While the first terminal of the switch M1 is commonly connected to the second terminals of the resistor R1 and capacitor C1, a second terminal of the switch M1 is connected to the first driver 204 a, and a third terminal of the switch M1 is connected to the emitter E of the first IGBT. The third terminal of the switch M1 may also be viewed as being connected to the midpoint of the half-bridge circuit created by the two IGBTs Q1, Q2.
The short-circuit protection circuit 804 depicted in
Furthermore, the resistor R1 of the short-circuit protection circuit 804 is similar to the resistor R1 used in the soft shutdown, except in soft shut-down, the R1 is relatively large (e.g greater than 100 ohm). In the circuit 900, a relatively smaller resistor R1 (e.g., 10-50 ohms) is used to keep the Miller plateau 1000 short.
While the illustrative circuit 900 only depicts a single short-circuit protection circuit 804, it should be appreciated that multiple short-circuit protection circuits 804 can be incorporated into a circuit 900 without departing from the scope of the present disclosure. For instance, a second short-circuit protection circuit 804 may be implemented to protect the second IGBT Q2. Moreover, the circuit 900 may comprise more than two IGBTs to drive the load 112, in which case each of the additional IGBTs may, or may not, have a short-circuit protection circuit 804 provided therefor.
While circuit 1100 provides the same advantages as circuit 900, the circuit 1100 provides the additional advantage an amplified turn-off current to keep the Miller plateau 1000 duration (e.g., time between time t1 and t2) relatively small. On the other hand, the current buffer Q3 separates the first IGBT Q1 from the capacitor C1. This means the time constant is clearly and strictly defined by resistor R1 and capacitor C1. In this design, the IGBT loading (e.g., capacitance Cge) is not considered as part of soft shut-down duration from time t2 to t3. Now the tuning of the time between t2 to t3 is independent of the IGBT. This effectively means the time between t2 and t3 will not depend on the IGBT, which makes implementation and design for applications much easier and predictable.
With reference now to
The method continues by disconnecting the driver (e.g., first driver 204 a) that is driving the IGBT (e.g., the first IGBT Q1) (step 1208). Thereafter or simultaneous with step 1208 the switch M1 is activated to provide a strong pull-down to the IGBT (step 1212). Following the strong pull-down, the resistor R1 and capacitor C1 are connected across the gate G and emitter E of the IGBT to program the turn-off current and control the turn-off time (step 1216). Careful control of the turn-off current enables the short-circuit protection circuit 804 to limit the peak voltage Vce_peak below a predetermined voltage (e.g., a maximum operating voltage) (step 1220).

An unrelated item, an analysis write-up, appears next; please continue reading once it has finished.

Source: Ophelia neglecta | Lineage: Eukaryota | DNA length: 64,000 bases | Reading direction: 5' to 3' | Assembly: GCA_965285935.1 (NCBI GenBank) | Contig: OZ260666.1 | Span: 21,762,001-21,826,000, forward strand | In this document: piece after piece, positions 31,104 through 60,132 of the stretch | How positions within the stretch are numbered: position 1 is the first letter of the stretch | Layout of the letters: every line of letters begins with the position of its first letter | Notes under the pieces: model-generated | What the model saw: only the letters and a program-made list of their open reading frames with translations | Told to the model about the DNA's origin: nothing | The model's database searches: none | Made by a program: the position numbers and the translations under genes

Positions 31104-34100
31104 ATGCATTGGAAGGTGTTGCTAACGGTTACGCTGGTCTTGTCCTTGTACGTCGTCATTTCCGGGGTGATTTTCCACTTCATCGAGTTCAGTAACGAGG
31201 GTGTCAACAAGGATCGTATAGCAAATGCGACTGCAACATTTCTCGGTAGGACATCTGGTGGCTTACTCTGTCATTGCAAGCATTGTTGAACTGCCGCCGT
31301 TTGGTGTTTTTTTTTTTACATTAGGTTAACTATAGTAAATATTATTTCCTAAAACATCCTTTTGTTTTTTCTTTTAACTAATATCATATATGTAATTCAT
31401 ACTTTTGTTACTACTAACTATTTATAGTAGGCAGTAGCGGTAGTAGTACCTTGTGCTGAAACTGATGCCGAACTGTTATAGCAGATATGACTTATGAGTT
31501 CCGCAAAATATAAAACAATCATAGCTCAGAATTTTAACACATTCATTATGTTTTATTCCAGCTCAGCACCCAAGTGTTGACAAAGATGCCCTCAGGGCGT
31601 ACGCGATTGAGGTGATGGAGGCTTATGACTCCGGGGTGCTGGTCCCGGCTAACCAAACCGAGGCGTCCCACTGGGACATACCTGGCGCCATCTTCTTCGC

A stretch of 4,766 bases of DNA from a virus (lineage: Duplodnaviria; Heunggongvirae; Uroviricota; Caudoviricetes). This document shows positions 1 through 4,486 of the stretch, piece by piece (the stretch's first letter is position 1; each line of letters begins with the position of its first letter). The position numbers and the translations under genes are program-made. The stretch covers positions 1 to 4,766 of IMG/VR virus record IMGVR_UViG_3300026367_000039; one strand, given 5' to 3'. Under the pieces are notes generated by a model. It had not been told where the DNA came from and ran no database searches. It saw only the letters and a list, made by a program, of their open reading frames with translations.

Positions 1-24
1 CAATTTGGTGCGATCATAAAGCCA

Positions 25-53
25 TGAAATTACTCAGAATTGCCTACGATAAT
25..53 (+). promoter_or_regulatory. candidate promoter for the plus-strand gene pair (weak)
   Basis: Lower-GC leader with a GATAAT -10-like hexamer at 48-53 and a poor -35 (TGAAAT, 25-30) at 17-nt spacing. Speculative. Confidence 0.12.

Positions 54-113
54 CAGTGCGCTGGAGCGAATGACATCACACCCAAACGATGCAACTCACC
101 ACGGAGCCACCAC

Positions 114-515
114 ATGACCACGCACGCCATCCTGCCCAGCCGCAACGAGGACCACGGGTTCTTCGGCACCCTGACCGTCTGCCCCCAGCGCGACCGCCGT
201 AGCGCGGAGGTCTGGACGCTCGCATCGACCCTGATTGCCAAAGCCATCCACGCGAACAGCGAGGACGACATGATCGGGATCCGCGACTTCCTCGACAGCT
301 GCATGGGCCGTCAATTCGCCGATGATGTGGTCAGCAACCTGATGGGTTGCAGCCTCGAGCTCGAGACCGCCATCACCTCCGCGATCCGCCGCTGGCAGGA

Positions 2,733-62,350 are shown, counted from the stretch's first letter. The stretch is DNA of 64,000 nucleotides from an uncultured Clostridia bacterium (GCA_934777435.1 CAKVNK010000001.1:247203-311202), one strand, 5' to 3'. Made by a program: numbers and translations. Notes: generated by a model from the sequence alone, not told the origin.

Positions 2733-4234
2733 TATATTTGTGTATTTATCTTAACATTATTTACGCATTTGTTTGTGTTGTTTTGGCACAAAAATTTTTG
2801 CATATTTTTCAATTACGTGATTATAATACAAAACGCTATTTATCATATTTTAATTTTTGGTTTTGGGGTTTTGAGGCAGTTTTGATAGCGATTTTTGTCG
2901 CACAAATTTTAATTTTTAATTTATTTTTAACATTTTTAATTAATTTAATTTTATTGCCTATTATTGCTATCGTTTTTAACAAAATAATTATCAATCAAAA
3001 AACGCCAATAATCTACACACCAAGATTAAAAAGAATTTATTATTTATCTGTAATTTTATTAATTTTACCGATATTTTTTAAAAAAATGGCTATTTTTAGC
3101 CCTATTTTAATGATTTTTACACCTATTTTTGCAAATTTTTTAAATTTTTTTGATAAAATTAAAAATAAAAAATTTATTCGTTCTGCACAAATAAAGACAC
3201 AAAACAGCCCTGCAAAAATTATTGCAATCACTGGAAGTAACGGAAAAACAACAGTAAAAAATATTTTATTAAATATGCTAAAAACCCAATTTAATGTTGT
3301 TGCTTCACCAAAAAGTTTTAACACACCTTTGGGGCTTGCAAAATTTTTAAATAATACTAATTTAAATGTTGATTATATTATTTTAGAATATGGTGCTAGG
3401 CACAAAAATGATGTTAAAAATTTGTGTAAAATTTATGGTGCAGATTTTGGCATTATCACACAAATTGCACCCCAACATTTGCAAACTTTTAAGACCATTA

The method may further include the optional step of utilizing a current buffer Q3 to boost the turn-off current and further reduce the Miller plateau time (step 1224). In some embodiments, the current buffer Q3 may also provide a mechanism for decoupling the capacitor C1 from the IGBT, thereby making the turn-off time independent of the IGBT loading.
Specific details were given in the description to provide a thorough understanding of the embodiments. However, it will be understood by one of ordinary skill in the art that the embodiments may be practiced without these specific details. In other instances, well-known circuits, processes, algorithms, structures, and techniques may be shown without unnecessary detail in order to avoid obscuring the embodiments.
While illustrative embodiments of the disclosure have been described in detail herein, it is to be understood that the inventive concepts may be otherwise variously embodied and employed, and that the appended claims are intended to be construed to include such variations, except as limited by the prior art.
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|International Classification||H02H9/02, H03K17/56, H03K17/16, H01L29/739, H02H3/08, G11C5/06, H03K17/567, H01L27/02|
|Cooperative Classification||H01L27/0251, H03K17/56, H03K17/567, H01L2924/00, H02H3/08, H02H9/025, H02H9/02, H01L29/7393, G11C5/06, H01L27/0259, H01L27/0288, H01L27/0292|
|11 Sep 2014||AS||Assignment|
Owner name: AVAGO TECHNOLOGIES GENERAL IP (SINGAPORE) PTE. LTD
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Effective date: 20140911